"Who buys this stuff?" I ask.

"Only the foreigners, only the tourists. Not the Chinese," he tells me.

"But he killed millions and yet people still buy it?" I ask.

At this, Mr Ming laughs. It is a long laugh as if I have entirely missed the point. Business, after all, is business.

At some point in Hong Kong, no matter how careful you are to keep to quiet streets, the density of the city will start to close in. There are more than 6,000 people to every square kilometre and there can be days when it sounds as if every one of them is talking at the same time. So when the claustrophobia strikes, I head for the islands. There are 262 outlying islands and several are served by regular ferries. For me the pick of them all is one of the smallest and most remote.

To reach Kat O, up near the border of the Chinese mainland, you need to take a taxi to the pier at Wong Shek, about an hour's journey from Hong Kong. Riding down the hill towards the harbour with my friend and translator, Choi Li Hung, we pass cattle grazing by the roadside. There are no high-rises out here and the roads are narrow and winding with glimpses of the South China Sea at every other turn.

The day is gloriously sunny with a warm wind blowing across the Pearl River delta. To make the final stage of our trip to Kat O, Hung has arranged a speedboat taxi. There are several speedboat owners who will take a small group to Kat O and wait to bring you back for around £80.

Of course there are cheaper and easier islands to visit. A round trip to Lamma Island, much nearer but also far busier at weekends, is roughly £2, while the island of Cheung Chau with its numerous seafood restaurants and hiking trails can be reached in 30 minutes for a similar price. So why travel further and spend more?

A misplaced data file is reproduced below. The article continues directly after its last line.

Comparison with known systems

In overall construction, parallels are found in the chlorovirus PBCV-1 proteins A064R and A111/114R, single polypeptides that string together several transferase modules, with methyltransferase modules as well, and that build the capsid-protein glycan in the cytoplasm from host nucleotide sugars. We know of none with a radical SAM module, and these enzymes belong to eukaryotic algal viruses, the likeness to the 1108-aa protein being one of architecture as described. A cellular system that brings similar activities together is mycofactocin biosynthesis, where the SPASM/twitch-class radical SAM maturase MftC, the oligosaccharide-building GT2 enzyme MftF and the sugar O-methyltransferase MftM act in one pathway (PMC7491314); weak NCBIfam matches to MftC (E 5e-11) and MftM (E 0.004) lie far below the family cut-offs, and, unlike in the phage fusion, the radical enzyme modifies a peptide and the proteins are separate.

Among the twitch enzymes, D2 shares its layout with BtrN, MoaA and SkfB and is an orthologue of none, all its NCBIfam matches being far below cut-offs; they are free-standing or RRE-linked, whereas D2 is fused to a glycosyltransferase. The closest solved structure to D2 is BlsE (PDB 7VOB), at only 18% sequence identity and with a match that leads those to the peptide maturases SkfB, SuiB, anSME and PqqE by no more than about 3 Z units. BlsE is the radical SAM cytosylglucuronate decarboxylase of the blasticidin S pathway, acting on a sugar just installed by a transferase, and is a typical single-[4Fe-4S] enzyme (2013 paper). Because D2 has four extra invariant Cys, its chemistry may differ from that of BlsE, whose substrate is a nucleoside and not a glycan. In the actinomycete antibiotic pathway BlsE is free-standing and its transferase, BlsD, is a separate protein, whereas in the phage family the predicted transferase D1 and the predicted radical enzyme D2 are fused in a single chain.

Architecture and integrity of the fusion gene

Quite simply because Kat O is one of the world's most spiritually refreshing places. From the moment we head out of the harbour I feel a growing lightness. It is partly to do with the joy of emptiness after so much crush, but also the certainty that out on the pastoral edges of Hong Kong, I am beyond the reach of all vexation. As we pass the stilt houses of the fish farmers, I let my hand fall into the water. It is warm and clear and shoals of tiny fish flicker back and forth beneath the boat.

Retreat to the island
Kat O covers an area of just 2.3 sq km and was named Crooked Island by the British because of its twisting coastline. It once had a population of several hundred; now there are about 50 people living here. The young have gone to Hong Kong or to the cities of Britain. What remains is a small society of Hakka and Tanka fishing clans, eking a living along the coves and inlets, their villages dotted with abandoned houses into the recesses of which the jungle steadily creeps. The village stretches out along either side of a short pier. At the head of the pier is a shop cum restaurant belonging to Wing Gei and his wife Aida. A sign tells visitors that if the owners are away they can take a drink and leave the money.